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DEAR FATHER | We must look to Catholic teaching as reflected in the Magisterium in forming our consciences

What does it mean to have an informed conscience?

According to the Catechism of the Catholic Church, at the center of each person is a voice planted there by God that helps him or her to know the difference between good and evil and act accordingly. It goes beyond mere human reason: “When he listens to his conscience, the prudent man can hear God speaking” (CCC 1777). In other words, we have the ability to make moral decisions programmed into us by God provided that we have formed our conscience according to reason and divine revelation.

For the Christian, the starting place is always Jesus Christ and the Gospel He proclaimed. Christ is the measure of our morality, and it is His teaching that gives us what we need to make good and just decisions. To assist us, we are expected to form our consciences according to Catholic teaching reflected in the Magisterium. That would include the study of the Catechism of the Catholic Church, the teachings of the pope and bishops, the writings of saints and moral theologians and the advice of people we regard as faithful Christians.

Forming our conscience is a lifelong process, but we believe that the moral teachings of the Church harmonize with those of Jesus in the Gospel.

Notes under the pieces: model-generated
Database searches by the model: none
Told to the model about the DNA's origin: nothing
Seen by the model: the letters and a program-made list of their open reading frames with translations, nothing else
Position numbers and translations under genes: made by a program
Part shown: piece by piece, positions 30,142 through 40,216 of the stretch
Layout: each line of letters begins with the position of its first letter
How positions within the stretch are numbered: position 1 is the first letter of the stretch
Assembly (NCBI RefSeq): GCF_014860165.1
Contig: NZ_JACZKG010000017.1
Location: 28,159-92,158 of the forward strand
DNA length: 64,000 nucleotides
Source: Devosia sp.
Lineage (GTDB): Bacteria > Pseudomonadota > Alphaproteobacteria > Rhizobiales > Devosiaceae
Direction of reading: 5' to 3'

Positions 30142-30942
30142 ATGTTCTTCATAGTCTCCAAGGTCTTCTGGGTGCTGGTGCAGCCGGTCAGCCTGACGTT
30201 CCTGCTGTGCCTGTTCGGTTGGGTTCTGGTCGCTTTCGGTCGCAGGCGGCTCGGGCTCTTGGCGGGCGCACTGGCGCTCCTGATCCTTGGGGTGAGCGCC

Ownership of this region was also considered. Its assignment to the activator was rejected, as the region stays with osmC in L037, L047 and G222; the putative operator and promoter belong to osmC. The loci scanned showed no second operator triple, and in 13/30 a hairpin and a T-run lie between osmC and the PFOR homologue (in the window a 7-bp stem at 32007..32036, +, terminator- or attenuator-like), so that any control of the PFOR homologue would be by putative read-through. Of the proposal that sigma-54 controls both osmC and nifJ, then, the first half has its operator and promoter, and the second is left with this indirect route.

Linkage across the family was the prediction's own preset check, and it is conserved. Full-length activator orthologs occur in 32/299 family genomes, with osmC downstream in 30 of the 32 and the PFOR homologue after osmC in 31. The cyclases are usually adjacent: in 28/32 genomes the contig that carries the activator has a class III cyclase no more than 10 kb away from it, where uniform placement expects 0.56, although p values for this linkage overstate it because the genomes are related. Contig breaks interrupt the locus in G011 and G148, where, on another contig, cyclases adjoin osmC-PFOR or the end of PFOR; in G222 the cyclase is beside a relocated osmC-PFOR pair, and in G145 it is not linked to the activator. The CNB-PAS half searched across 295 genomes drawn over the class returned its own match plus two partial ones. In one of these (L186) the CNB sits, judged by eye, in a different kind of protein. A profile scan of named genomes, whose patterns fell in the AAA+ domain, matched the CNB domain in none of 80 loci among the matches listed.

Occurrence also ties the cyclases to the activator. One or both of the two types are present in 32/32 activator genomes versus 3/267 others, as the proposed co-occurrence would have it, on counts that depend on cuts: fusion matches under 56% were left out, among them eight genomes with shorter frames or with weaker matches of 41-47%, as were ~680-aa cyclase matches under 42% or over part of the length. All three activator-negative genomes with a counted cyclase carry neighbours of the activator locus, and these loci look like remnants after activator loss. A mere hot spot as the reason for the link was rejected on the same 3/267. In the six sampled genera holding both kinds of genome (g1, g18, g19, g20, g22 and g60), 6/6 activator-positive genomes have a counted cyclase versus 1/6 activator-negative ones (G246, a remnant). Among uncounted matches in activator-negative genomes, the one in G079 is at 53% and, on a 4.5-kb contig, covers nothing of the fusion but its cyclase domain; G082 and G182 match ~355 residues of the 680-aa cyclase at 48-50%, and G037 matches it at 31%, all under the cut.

Having formed our conscience, we must then exercise discernment in the use of it. Not every situation is specifically addressed by Catholic teaching. What’s more, those with well-formed consciences may discern different and even conflicting courses of action (e.g. which candidate to vote for, whether or not to receive a specific medical treatment, etc.). Life is complicated, and sometimes we need to make the best decision we can after asking God for His guidance and consulting Church teaching. Any decision we make should have selfless love at the heart of it.

What if we make the wrong decision? A more appropriate question would be, does anyone ever make the right decision every time? God knows our hearts better than we do. He knows when we are honestly striving to discern and follow His will, and He knows when we are ignoring it to fulfill our own selfish desires. Sin is something that is always freely chosen, and God certainly understands the difference between an honest mistake and a deliberately chosen sin. Our best course of action is to commit to doing God’s will in all things and to form our consciences according to the Gospel and Church teaching. We may still make mistakes, but we trust God to bring us where we need to be. St. Joan of Arc said it best in her response to the judges at her trial: “If I be not in a state of grace, I pray God place me in it; if I be in it, I pray God keep me so.”

Father Jones is pastor of Sts. Teresa and Bridget Parish in St. Louis.

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